Plenty of Jobs, Few Workers

Are you an employer who is unable to expand simply because you cannot find enough workers? If so, you are not alone. Although May’s Bureau of Labor Statistics (BLS) showed an improvement over April’s job gains, it was still 100,000 lower than economists’ predictions.

There are plenty of reasons that American workers are not jumping back into the labor market. Many experts point to the generous COVID-19 relief payments which have driven up salary demands & kept others on the unemployment roll much too long. A University of Chicago study found 42% of people receiving benefits receive more than they did in their prior jobs. Adam Ozimek, the chief economist at Upwork, originally thought expanded unemployment benefits were a wise policy. He now views them as “a policy mistake that is going to hold back the recovery in the coming months.” There is some disagreement among economists as to whether continuing the benefits have helped or hindered. Those of us on the “front lines” here at Frazee can attest to the fact that candidates are turning down jobs because “unemployment is better than working.”

Childcare is another huge issue. During the pandemic, many women quit their jobs to take care of their children. Many parents are still dealing with school closures and remote learning. For those ready to return to the workplace, openings at childcare centers are limited. Some centers closed permanently during the crisis. Other centers are operating with fewer slots because of pandemic-related limits on capacity.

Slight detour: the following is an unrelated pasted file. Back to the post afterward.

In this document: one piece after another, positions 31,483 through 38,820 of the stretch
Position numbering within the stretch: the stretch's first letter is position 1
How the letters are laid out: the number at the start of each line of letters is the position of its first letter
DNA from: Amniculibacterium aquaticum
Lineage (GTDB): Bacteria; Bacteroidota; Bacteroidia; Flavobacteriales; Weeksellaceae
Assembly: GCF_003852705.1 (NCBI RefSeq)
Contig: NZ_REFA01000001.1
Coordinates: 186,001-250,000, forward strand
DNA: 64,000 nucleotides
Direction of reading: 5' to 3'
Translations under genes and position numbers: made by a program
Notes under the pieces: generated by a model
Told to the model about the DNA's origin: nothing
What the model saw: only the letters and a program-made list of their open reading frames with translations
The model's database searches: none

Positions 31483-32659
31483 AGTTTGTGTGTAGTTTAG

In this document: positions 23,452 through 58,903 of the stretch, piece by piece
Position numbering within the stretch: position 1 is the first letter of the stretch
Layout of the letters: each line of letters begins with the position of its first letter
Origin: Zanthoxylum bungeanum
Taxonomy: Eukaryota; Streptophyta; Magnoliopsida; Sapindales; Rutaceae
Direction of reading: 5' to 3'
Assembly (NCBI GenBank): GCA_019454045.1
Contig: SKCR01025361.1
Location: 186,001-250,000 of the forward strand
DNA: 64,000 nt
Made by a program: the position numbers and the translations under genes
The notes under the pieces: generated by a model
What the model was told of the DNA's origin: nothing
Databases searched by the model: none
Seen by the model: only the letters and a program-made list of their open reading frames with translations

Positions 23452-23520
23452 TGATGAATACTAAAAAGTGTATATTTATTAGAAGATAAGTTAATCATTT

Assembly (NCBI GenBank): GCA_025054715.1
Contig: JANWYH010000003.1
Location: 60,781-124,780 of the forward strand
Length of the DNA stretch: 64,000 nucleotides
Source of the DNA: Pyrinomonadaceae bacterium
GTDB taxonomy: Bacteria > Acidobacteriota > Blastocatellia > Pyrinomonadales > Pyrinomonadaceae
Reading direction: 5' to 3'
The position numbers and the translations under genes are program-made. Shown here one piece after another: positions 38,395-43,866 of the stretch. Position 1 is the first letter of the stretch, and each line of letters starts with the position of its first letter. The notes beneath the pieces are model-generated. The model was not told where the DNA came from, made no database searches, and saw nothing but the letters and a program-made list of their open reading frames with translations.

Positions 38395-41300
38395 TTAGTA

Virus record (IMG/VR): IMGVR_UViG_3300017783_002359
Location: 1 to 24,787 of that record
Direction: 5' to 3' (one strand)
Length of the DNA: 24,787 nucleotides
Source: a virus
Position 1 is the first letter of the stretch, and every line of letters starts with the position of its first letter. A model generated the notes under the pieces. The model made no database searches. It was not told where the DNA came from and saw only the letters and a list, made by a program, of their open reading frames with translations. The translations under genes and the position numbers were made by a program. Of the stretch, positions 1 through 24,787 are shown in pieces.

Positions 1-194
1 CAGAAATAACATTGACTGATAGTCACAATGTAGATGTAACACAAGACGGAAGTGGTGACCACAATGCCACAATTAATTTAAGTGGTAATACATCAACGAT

Another reason people are not returning to the workplace is the fear of contracting Covid. A successful vaccination program would most likely cure this fear, but you still have many people refusing the vaccine. While 70% of the total American population has received at least the first Covid vaccine, the Southern states have fallen way behind in this effort. Louisiana has one of the lowest vaccine rates at 33.48% of the state’s population.

Employers who are no longer offering remote work or a hybrid work model may also be at risk of losing employees. At Frazee, we have noticed that a certain percentage of our labor pool will only accept “work from home” assignments.

Is there reason to hope that this tight labor market will ease soon? I think so.  26 states just announced an early halt to enhanced jobless benefits. Gov. Edwards has set July 31 as the end date for Louisiana’s jobless benefits. The American Rescue Plan Act (APA), signed into law on March 11, 2021, includes multiple funding streams to help the childcare industry get back on its feet. The APA bill also increases Child Care & Development Block Grant funds to assist states in subsidizing childcare for low-income families.

The State of Louisiana’s vaccine lottery should help increase the number of vaccinated people & decrease the anxiety workers feel about going back to work. The various hybrid work scenarios employers are putting into place should accommodate many of those WFH (work from home) advocates.

Whatever way you look at it, the labor market recovery is going to be “bumpy.” But we will get through it just like we have gotten through the pandemic.